Needham and Salazar conducted much of their research on the Cambodian Shadow Puppet Theater in Siem Reap, Cambodia, to learn more about puppet production, how the craft is practiced, and to document a unique ceremony.
“We met with and interviewed three puppet makers in Cambodia,” she said. “We also video recorded a performance that included a Sompeah Kruu ceremony. This was exciting. The ceremony recording is very rare and extremely valuable.”
While in Cambodia in 2013, Needham also purchased shadow puppet books and materials to donate to the Cambodian Community History and Archive Project at the Historical Society of Long Beach, a collection of artifacts she established in 2008. Long Beach and surrounding areas are home to the largest Cambodian community outside Southeast Asia. The archive has more than 3,000 documents, 2,000 digitized photographs, unpublished manuscripts, and reports from researchers, community members, and Cambodian-led organizations in Long Beach that serve the Cambodian community.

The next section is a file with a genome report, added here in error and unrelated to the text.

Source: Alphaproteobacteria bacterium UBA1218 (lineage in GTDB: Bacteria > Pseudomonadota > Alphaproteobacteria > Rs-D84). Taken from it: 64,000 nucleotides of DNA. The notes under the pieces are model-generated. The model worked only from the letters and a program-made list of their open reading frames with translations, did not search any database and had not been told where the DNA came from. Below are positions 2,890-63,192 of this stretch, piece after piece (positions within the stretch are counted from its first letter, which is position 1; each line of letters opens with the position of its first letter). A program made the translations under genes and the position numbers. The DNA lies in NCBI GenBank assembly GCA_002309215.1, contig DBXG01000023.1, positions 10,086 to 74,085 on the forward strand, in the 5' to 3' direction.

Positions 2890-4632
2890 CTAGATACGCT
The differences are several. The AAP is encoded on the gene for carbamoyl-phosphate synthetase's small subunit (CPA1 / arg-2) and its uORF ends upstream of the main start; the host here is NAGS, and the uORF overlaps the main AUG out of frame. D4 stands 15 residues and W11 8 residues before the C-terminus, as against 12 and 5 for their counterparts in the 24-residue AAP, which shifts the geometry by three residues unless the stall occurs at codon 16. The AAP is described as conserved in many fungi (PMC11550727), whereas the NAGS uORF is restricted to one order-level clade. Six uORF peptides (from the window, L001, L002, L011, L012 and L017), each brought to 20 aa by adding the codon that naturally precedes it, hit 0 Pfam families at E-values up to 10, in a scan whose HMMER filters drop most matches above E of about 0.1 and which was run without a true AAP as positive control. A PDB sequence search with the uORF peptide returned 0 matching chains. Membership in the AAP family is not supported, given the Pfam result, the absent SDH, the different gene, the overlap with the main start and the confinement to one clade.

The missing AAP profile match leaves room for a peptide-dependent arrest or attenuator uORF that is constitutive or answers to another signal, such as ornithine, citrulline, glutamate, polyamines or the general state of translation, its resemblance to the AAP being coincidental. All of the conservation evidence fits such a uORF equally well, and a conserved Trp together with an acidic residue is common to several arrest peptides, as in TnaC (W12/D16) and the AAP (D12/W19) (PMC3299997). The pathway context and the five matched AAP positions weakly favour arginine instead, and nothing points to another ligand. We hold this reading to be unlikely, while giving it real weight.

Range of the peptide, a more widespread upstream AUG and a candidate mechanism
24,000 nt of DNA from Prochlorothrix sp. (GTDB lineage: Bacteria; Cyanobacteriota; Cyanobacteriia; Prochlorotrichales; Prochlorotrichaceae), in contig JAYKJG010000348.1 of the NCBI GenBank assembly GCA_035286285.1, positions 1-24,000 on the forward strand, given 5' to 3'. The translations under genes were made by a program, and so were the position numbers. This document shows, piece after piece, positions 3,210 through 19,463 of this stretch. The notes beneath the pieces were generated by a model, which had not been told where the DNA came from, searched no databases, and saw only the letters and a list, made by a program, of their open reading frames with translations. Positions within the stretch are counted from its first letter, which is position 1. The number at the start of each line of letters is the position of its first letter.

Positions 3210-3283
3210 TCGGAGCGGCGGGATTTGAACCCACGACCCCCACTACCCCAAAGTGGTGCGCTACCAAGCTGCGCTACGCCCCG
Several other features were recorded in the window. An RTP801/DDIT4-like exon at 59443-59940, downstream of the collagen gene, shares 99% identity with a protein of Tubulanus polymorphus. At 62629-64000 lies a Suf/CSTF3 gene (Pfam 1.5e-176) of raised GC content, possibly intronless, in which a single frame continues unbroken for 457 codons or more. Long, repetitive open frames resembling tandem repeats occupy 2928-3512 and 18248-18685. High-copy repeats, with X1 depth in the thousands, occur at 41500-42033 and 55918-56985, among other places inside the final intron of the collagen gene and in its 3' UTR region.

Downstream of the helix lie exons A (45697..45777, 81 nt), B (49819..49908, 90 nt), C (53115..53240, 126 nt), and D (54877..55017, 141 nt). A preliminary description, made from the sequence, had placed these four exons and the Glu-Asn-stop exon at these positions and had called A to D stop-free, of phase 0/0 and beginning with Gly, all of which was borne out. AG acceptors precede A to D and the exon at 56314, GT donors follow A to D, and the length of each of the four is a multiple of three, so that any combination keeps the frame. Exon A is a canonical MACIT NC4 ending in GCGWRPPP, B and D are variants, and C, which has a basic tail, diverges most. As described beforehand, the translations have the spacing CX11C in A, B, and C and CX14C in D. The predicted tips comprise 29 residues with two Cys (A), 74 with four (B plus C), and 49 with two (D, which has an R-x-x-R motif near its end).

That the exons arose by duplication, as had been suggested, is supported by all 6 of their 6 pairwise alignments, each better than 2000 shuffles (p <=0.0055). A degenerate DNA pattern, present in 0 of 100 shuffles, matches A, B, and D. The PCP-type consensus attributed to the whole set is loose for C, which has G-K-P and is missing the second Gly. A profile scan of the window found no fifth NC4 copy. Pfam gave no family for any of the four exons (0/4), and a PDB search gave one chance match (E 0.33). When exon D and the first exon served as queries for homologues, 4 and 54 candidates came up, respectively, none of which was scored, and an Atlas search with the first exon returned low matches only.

Another reason for meeting with the puppet makers in Cambodia was to commission the construction of 18 puppets to bring back with her and eventually form a shadow puppetry troupe in Long Beach.
Shadow puppets are made from a single piece of cow hide elaborately cut out to form characters. The hide is first dyed with a solution made from the bark of the Kandaol tree, and then an artist draws a figure on the hide, chisels it out and paints it before attaching it to two bamboo sticks, which enable the dancer to control the puppet. The puppets are finished in a single day and a specific ceremony takes place during the creation of each, according to UNESCO.
To purchase the new puppets for their Sbaek Thom troupe, which are very expensive according to Needham, she received a grant from the Alliance for California Traditional Arts.
“We went and talked to a master and told him why we wanted the puppets. He was so happy that we wanted to perform for people and share the art form,” said Needham. “Fortunately, the master was there before the Khmer Rouge. He gave us the puppet guardian of the art form, called Preah Eisey, from his personal private altar. That was a great honor for us.”